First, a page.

Among all the bad news on the radio as I drove to work this morning, I heard that the Heart Foundation has released data from a new study stating that now 25% of Australian kids are overweight or obese, and that they are tipped to be the first generation EVER to live less than their parents.
This is depressing on so many counts – the emotional/psychological load on these kids because of the behaviours we, as adults, allow them to assimilate; their decreased quality of life; and the financial burden on society… just this point alone has so many ramifications. just ask yourself, who is going to look after their parents in their later years??
Now, I know that we keep talking about changed eating habits, increased screen (tv, computers, etc) time, and decreased movement at school. but lets face it: are these things really to blame? or are we, as the example setting parents/adults allowing and driving our kids towards these behaviours?? I authored an article (A decrease in the association between the physical activity patterns of Australian parents and their children; 1985-1997) published in 2005 in the Journal of Science Medicine and Sport, which showed that not only are kids playing less sport now, but also the strength of our influence over their behaviour seems to be decreasing. I guess all you have to do is look at the empty parks around our neighbourhoods that once upon a time had fathers kicking the footy with their sons…
I think there’s also another force at play here, and that is sport, or at least sports-based Phys. Ed. I think that this model rewards the genetically gifted kids (those that can play sports well, and hence also enjoy it), and not kids who are less coordinated/skilled, who may still be trying hard. We all know what happens to these kids, don’t we? they struggle to pick up the intricacies of the game, are the last picked to be part of teams, and eventually develop lack of self-confidence, which leads to avoidance behaviours. What happened to ‘play’? what happened to the notion that schools should be trying (supposedly) to equip our children to succeed in life as adults? is being able to catch and throw a ball with a Lacrosse stick going to make them more influential and valuable citizens, and fulfilled human beings?? how about instilling in them healthy behaviours; to understand that it is ‘movement’ that will save their lives?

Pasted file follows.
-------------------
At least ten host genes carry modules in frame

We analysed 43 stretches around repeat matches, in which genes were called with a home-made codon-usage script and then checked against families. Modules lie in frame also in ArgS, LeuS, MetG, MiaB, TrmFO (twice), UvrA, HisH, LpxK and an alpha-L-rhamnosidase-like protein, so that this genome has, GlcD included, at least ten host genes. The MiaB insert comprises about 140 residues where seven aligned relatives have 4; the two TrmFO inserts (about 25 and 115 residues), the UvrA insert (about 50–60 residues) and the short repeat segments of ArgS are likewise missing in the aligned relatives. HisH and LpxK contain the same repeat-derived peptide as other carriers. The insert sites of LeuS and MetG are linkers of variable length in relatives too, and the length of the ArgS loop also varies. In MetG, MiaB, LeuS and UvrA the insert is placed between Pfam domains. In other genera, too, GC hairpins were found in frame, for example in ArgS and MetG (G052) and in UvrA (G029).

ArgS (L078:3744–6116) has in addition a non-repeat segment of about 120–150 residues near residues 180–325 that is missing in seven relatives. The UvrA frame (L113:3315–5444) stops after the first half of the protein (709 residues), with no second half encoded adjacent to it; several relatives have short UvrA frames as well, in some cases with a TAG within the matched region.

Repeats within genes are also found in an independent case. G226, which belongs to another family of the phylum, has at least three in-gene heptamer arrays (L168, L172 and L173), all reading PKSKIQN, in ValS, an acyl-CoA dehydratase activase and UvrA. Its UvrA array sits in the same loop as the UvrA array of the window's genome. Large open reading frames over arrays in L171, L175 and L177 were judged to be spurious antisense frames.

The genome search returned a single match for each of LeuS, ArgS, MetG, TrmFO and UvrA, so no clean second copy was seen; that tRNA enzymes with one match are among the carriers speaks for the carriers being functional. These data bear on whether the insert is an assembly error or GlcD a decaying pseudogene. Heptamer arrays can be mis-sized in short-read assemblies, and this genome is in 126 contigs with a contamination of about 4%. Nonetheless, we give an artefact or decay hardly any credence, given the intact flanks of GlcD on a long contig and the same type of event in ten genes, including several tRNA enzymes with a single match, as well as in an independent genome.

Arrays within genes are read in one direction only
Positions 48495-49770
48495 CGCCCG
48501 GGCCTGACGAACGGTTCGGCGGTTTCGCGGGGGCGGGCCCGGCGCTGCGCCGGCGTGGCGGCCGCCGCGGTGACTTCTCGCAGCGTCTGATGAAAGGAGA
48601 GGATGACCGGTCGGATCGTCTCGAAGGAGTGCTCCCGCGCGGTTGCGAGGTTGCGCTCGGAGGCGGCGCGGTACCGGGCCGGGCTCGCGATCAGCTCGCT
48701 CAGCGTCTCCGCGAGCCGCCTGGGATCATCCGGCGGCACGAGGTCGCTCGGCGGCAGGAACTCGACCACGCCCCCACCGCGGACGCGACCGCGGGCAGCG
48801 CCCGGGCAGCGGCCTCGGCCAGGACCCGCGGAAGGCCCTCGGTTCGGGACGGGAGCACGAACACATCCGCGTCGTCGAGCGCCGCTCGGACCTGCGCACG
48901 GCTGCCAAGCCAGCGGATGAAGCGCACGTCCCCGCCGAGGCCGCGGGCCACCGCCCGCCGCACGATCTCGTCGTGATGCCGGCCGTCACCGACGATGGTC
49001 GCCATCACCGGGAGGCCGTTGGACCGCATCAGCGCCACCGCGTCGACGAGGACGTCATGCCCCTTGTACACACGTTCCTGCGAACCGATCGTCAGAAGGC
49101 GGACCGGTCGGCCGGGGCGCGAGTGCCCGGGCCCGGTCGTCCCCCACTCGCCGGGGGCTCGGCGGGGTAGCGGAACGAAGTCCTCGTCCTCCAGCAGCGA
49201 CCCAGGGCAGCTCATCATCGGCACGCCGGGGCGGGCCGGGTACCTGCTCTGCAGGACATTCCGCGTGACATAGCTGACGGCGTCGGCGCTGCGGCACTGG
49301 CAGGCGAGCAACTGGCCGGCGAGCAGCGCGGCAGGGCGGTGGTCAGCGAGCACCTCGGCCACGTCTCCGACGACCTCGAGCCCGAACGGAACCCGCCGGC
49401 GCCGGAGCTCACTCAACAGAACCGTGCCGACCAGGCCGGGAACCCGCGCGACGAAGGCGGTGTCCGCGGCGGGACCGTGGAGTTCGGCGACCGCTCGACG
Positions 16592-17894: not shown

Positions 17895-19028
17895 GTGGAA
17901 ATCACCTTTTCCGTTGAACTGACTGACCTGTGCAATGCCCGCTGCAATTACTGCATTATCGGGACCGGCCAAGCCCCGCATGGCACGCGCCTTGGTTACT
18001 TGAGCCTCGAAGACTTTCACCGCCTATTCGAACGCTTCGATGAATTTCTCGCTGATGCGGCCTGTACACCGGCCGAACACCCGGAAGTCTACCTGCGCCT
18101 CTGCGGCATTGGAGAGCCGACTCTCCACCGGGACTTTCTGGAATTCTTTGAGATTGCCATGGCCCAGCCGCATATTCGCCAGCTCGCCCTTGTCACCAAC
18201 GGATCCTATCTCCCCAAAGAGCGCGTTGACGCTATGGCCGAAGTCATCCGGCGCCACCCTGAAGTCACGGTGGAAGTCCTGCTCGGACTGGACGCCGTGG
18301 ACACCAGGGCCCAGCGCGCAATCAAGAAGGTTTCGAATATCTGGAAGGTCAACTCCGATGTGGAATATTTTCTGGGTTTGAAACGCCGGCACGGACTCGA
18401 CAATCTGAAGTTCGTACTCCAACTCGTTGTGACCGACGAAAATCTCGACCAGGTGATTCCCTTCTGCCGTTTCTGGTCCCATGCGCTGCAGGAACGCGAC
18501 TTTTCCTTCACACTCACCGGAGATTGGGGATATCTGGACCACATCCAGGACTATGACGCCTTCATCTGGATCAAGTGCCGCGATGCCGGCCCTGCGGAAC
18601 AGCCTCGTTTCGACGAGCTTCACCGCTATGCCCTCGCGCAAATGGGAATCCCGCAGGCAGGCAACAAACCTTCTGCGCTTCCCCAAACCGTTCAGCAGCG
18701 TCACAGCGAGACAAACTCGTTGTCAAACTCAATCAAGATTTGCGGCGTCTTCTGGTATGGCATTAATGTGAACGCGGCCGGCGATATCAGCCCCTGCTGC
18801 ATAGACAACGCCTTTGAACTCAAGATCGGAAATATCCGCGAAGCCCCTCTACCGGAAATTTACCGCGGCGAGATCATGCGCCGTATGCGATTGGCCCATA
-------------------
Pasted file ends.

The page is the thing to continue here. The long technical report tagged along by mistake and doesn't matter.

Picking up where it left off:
There are programs in the States (of A) that now equip children with Heart Rate monitors and reward (and grade) children based on their relative intensity of work, rather than on their skills. this way all children can work within their skill limits and still achieve great outcomes in health. An interesting concept I think.
So, adults, get out and PLAY with your kids! show them that you enjoy moving and being active; that its not a chore, but a reward! We have amazing bodies, which thrive with movement!